Worm study reveals the secrets of early spinal cord development

April 24, 2017

Dr. Antonio Colavita and his team discovered that two molecular pathways work together in the early development of the spinal cord. While the discovery was made in a transparent worm called C. elegans, the processes are likely the same in humans. The two pathways work together to help the embryo’s nerve cord narrow and stretch out, a process called convergent extension. In humans, problems with this process can cause birth defects in the brain or spinal cord called neural tube defects. Researchers already knew that the Planar Cell Polarity or PCP pathway was important for convergent extension, but Dr. Colavita and his team found that a pathway that includes a protein called SAX-3/Robo also plays a role. When they turned off both pathways in nematodes, they found the nerve cord stayed short and stubby instead of reaching all the way down the body. These findings published in Developmental Cell mean researchers can use nematodes to learn more about how the human nervous system develops and how the process can be disrupted.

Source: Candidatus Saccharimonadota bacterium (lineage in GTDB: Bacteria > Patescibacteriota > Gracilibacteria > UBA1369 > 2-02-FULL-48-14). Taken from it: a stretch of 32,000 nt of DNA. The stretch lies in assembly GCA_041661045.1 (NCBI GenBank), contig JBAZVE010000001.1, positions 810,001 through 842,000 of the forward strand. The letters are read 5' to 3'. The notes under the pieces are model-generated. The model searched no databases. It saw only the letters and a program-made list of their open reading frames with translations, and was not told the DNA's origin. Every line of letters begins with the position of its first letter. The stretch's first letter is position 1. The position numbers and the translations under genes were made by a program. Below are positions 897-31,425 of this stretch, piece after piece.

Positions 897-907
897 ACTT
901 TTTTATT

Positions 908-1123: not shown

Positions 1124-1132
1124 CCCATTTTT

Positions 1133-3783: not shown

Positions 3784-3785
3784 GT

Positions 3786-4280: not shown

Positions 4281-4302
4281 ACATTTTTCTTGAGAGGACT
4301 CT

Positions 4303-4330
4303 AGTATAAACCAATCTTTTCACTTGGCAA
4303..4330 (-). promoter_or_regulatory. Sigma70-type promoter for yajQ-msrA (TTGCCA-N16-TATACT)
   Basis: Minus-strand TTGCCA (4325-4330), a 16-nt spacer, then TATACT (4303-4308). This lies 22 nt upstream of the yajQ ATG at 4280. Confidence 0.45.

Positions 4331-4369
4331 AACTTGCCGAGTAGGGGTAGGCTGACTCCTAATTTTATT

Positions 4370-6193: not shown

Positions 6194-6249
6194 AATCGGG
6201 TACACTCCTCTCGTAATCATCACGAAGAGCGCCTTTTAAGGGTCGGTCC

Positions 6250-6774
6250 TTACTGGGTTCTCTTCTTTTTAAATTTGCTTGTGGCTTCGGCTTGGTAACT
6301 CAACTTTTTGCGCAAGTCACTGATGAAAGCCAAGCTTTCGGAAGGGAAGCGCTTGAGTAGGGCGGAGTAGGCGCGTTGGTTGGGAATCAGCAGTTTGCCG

Co-authors: Pavak K. Shah, Matthew R. Tanner, Ismar Kovacevic, Aysha Rankin, Teagan E.,Marshall, Nathaniel Noblett, Nhan Nguyen Tran, Tony Roenspies, Jeffrey Hung, Zheqian Chen, Cristina Slatculescu, Theodore J. Perkins, Zhirong Bao, Antonio Colavita

Funders: Canadian Institutes of Health Research, Natural Sciences and Engineering Research Council of Canada, National Institutes of Health, Memorial Sloan Kettering Cancer Center, The Ottawa Hospital Foundation

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